Bollywood and culture in an emerging India
Mumbai Meri Jaan: A disjointed effort
Where were you on July 11? It’s a question Mumbaikars often ask one another. When seven blasts ripped through the city’s local trains in 2006, it changed its fabric forever, regardless of what anyone might tell you about Mumbai’s famous spirit.
So when a film comes along that seeks to document this tragedy and the reactions to it, curiosity is naturally aroused.
“Mumbai Meri Jaan” is directed by Nishikant Kamat and stars Soha Ali Khan, Kay Kay Menon, R Madhavan, Irrfan Khan and Paresh Rawal.
The film essentially narrates the stories of five characters, all affected by the events of 7/11.
Soha plays Rupali Joshi, a high-flying television reporter, who gets a taste of her own medicine when her fiancé is killed in the blasts and her employer uses her as a “story”. Kamat uses Soha’s track to make a powerful point about the callousness of the media.
Madhavan plays a professional who questions his ideals after narrowly escaping the blasts. And Kay Kay and Irrfan embody one of the many biases that we have, whether it is against a particular religion, caste or economic strata.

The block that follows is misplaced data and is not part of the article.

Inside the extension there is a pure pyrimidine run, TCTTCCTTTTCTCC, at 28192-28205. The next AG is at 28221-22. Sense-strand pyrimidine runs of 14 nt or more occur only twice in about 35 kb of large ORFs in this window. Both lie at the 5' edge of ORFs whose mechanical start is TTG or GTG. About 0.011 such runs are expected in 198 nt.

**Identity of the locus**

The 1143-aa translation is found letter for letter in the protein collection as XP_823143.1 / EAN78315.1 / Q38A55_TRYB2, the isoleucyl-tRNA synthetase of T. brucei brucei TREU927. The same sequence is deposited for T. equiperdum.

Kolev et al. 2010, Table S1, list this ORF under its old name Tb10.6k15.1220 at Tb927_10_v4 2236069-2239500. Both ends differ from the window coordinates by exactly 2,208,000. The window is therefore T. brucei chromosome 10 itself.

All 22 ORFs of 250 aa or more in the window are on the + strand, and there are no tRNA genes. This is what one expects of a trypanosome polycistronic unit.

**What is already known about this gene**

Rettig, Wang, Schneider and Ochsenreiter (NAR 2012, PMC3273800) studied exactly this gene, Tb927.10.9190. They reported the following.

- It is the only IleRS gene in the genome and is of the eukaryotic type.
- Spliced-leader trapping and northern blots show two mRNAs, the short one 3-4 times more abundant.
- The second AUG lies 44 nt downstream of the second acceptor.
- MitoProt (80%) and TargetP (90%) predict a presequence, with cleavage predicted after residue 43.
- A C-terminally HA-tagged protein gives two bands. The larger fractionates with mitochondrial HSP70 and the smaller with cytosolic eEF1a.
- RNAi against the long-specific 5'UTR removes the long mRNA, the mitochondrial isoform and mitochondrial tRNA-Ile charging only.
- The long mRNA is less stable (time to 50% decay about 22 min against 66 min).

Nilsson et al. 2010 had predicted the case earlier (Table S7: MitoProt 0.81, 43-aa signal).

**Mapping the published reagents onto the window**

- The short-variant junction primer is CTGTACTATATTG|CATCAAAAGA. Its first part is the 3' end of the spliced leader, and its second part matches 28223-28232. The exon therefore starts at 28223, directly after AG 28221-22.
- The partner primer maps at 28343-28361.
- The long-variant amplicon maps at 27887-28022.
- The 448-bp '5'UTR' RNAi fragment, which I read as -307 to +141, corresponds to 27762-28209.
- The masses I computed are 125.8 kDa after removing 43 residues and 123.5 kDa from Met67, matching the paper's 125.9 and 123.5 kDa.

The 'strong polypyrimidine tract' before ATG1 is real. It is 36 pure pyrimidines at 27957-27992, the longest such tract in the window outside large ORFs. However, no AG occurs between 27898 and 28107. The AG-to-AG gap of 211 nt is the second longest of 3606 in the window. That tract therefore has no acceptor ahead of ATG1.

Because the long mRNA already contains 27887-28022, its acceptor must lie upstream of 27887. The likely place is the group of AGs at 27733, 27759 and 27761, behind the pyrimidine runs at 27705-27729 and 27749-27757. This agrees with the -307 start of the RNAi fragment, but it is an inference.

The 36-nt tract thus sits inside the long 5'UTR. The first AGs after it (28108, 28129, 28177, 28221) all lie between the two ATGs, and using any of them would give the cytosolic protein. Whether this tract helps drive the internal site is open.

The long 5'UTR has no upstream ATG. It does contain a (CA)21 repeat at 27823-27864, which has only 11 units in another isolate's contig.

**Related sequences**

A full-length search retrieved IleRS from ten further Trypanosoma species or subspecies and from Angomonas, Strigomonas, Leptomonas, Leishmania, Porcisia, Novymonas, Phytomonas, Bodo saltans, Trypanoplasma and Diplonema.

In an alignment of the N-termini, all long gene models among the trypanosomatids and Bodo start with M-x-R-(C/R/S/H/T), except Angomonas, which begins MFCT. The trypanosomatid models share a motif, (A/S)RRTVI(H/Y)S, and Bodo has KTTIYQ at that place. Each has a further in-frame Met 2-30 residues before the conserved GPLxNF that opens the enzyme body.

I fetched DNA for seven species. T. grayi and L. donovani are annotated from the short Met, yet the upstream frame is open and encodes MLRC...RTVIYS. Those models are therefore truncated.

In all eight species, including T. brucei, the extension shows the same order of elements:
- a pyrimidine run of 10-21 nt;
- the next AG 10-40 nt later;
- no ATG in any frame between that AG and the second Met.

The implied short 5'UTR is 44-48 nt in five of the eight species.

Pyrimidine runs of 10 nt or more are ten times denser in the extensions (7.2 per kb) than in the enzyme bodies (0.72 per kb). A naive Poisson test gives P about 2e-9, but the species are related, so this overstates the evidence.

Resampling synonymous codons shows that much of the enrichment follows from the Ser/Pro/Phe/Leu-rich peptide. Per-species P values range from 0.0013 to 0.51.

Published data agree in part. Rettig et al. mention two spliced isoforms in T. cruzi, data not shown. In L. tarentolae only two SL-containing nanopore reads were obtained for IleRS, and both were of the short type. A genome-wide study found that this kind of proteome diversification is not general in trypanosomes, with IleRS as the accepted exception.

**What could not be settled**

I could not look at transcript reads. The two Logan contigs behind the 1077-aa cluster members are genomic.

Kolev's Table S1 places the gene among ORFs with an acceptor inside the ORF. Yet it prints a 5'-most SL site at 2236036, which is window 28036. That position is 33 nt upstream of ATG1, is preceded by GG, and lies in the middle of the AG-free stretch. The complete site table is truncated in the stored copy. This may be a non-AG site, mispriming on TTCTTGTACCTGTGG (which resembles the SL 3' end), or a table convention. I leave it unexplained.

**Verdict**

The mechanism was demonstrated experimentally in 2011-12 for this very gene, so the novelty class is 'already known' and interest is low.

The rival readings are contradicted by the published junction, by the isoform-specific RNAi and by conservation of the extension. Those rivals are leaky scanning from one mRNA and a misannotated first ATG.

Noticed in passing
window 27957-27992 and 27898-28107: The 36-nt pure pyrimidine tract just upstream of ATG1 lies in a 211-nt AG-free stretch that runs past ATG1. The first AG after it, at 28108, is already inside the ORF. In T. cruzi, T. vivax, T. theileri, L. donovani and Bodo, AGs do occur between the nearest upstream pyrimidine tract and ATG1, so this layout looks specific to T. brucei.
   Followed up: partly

The performance that takes the cake is Paresh Rawal’s realistic portrayal of Patil, a Mumbai police constable on the verge of retirement.
While all the tracks are interesting in themselves, Kamat fails to bind them together or hold viewer interest as he shifts from one track to the other.
I felt I was watching five different films. I am sure he had a message he wanted to convey, am just not sure he himself was clear what that message was.
When a film chronicles such an important real life event, it is important you don’t lose focus in the script.
Kamat tries to deal with too many issues in one film and ends up not doing justice to any of them. It’s a disjointed effort and one that doesn’t do justice to the event it set out to chronicle.